Director of Public Prosecutions (Australia)

The Office of the Commonwealth Director of Public Prosecutions or, informally, the Commonwealth Director of Public Prosecutions (CDPP) is an independent prosecuting service and government agency within the portfolio of the Attorney-General of Australia, as a part of the Attorney-General's Department. It was established by the Director of Public Prosecutions Act 1983 (Cth) and began its operations in 1984.[2][3]

Commonwealth Director of Public Prosecutions
Agency overview
Formed8 March 1984 (1984-03-08)
Employees413[1]
Minister responsible
Agency executive
  • Sarah McNaughton SC, Director of Public Prosecutions
Parent departmentAttorney General's Department
Websitecdpp.gov.au

History

Founded on 8 March 1984 to prosecute alleged offences against Commonwealth criminal law, primarily the Crimes Act 1914 (Cth) and Criminal Code Act 1995 (Cth), the CDPP was first headed by Director Ian Temby, who remained in that post until 1988. The CDPP commenced with a head office in Canberra, and a Melbourne office was opened on 6 June 1984, assuming responsibility for the work of Special Prosecutor Robert Redlich.[4] The CDPP took over the work of the Special Prosecutors to prosecute bottom of the harbour tax cases and parts of the Attorney-General's Departments Deputy Crown Solicitor's Offices.[5]

The CDPP has been noted for its gender-blind hiring and work practices.[5]

Function

The agency has only one outcome; "to contribute to the safety and well-being of the people of Australia and to help protect the resources of the Commonwealth through the maintenance of law and order and by combating crime".[2] It upholds this function by carrying out prosecutions of crimes against the Commonwealth, and by providing advice to referring agencies.

It has no investigative power or function, and the decision to investigate matters and refer matters to the CDPP is at the discretion of referring agency. Furthermore, the CDPP depends on referring agencies to investigate alleged offences and prepare briefs of evidence to support prosecution and assets recovery.[6]

Organisation

The Commonwealth Director of Public Prosecutions is based in the head office in Canberra and has offices in Adelaide, Brisbane, Cairns, Darwin, Hobart, Melbourne, Perth, Sydney, and Townsville. Most offices include a Revenue and Benefit Fraud/Commercial, Financial and Corruption Branch, an Illegal Imports and Exports/Human Exploitation and Border Protection Branch, and an Organised Crime and Counter Terrorism Branch.[7]

Although the Commonwealth Director of Public Prosecutions is within the portfolio of the Commonwealth Attorney-General, the Office operates independently of the Attorney-General and of the political process.[5] The Attorney-General, as First Law Officer of Australia, is responsible for the Commonwealth criminal justice system and remains accountable to Parliament for decisions made in the prosecution process, notwithstanding that those decisions are now in fact made by the Director and lawyers of the CDPP.[5] Under section 8 of the Director of Public Prosecutions Act 1983 (Cth), the Attorney-General has power to issue guidelines and directions to the CDPP; however, that can only be done after there has been consultation between the Attorney-General and the Director. Per the Act, any guidelines or directions must be in writing, published in the Gazette, and tabled in Parliament. The CDPP has been directed by the Attorney-General only thrice, none of which were in relation to a specific case.[5]

List of Commonwealth Directors of Public Prosecutions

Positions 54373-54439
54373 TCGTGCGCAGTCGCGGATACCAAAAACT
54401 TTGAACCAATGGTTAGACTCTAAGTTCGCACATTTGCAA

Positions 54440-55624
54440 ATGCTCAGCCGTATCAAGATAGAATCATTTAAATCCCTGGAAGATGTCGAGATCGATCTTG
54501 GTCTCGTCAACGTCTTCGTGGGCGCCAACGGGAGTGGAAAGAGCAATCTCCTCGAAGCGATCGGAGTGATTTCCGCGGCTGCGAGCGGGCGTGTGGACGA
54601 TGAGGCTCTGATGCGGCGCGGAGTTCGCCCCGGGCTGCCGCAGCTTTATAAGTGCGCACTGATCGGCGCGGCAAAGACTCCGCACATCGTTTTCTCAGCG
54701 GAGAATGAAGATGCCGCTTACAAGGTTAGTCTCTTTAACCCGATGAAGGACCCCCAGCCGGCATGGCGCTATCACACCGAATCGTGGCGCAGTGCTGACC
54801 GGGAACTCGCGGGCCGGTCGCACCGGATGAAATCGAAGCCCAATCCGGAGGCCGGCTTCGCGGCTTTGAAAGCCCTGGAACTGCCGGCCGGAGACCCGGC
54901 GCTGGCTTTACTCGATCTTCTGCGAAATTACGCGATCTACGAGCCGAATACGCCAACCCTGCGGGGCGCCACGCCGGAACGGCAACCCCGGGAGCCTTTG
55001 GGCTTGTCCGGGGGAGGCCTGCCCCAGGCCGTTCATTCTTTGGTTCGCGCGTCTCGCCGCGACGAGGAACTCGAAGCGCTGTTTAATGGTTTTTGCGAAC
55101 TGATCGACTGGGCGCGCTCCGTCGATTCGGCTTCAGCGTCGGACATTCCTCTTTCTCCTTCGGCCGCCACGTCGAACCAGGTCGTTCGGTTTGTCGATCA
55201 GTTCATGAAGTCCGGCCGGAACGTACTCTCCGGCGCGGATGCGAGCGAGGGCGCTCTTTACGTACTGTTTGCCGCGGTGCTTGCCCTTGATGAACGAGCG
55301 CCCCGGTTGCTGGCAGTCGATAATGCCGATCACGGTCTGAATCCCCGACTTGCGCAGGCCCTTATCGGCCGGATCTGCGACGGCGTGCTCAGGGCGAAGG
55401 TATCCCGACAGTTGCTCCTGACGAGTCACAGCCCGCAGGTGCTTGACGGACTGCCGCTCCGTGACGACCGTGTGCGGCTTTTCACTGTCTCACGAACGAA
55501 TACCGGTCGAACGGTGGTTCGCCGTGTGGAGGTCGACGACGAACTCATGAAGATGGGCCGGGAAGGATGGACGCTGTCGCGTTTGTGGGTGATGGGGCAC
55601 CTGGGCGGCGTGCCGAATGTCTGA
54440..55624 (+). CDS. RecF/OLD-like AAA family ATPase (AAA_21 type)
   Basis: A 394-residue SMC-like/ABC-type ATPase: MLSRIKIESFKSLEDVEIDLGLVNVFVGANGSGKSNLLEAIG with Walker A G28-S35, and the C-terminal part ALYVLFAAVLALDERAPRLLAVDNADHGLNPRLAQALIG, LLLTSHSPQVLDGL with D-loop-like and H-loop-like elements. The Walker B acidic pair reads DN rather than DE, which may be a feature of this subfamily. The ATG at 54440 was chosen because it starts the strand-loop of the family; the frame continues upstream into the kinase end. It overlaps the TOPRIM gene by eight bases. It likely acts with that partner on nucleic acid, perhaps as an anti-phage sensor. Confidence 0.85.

OrderDirectorTerm startTerm endTime in officeSubsequent roleNotes
1Ian Temby AO, QC8 March 1984 (1984-03-08)1988 (1988)3–4 yearsInaugural Commissioner of the New South Wales Independent Commission Against Corruption[8]
2Mark Weinberg QC1988 (1988)December 1991 (1991-12)2–3 yearsJudge of the Federal Court of Australia, later Judge of the Supreme Court of Victoria
3Michael Rozenes QC1 February 1992 (1992-02-01)1997 (1997)4–5 yearsPrivate practice; later Chief Judge of the County Court of Victoria
4Brian Ross Martin QC1997 (1997)February 1999 (1999-02)1–2 yearsJudge of the Supreme Court of South Australia, later Chief Justice of the Supreme Court of the Northern Territory
5Damian Bugg AM, QC2 August 1999 (1999-08-02)12 October 2007 (2007-10-12)8 years, 71 daysAcademic; later Chancellor of the University of Tasmania
6Christopher Craigie SC13 October 2007 (2007-10-13)14 October 2012 (2012-10-14)5 years, 1 dayJudge of the District Court of New South Wales
7Robert Bromwich SC17 December 2012 (2012-12-17)28 February 2016 (2016-02-28)3 years, 73 daysJudge of the Federal Court of Australia
8Sarah McNaughton SC16 May 2016 (2016-05-16)present1303 daysn/a[9]

See also

References

  1. "Table 2". APS Statistical Bulletin 2014–15 (Report). Australian Public Service Commission. Archived from the original on 23 April 2016.
  2. "Office of the Commonwealth Director of Public Prosecutions" (PDF).
  3. "Office of the Director of Public Prosecutions" (PDF).
  4. Hinchcliffe, Jaala (5 March 2009). "A brief history of the CDPP". Commonwealth Director of Public Prosecutions. Archived from the original on 17 July 2013. Retrieved 19 July 2013.
  5. Twigg, Karen (29 July 1996). "An Insider's View of the DPP" (PDF).
  6. "The CDPP and Investigating Agencies". Commonwealth Director of Public Prosecutions. Archived from the original on 9 May 2013. Retrieved 19 July 2013.
  7. "Branches". Commonwealth Director of Public Prosecutions. Archived from the original on 9 May 2013. Retrieved 30 July 2013.
  8. "Previous Directors of the Office of the Commonwealth Director of Public Prosecutions". Commonwealth Director of Public Prosecutions. Australian Government.
  9. "Director of the Office of the Commonwealth Director of Public Prosecutions". Commonwealth Director of Public Prosecutions. Australian Government.
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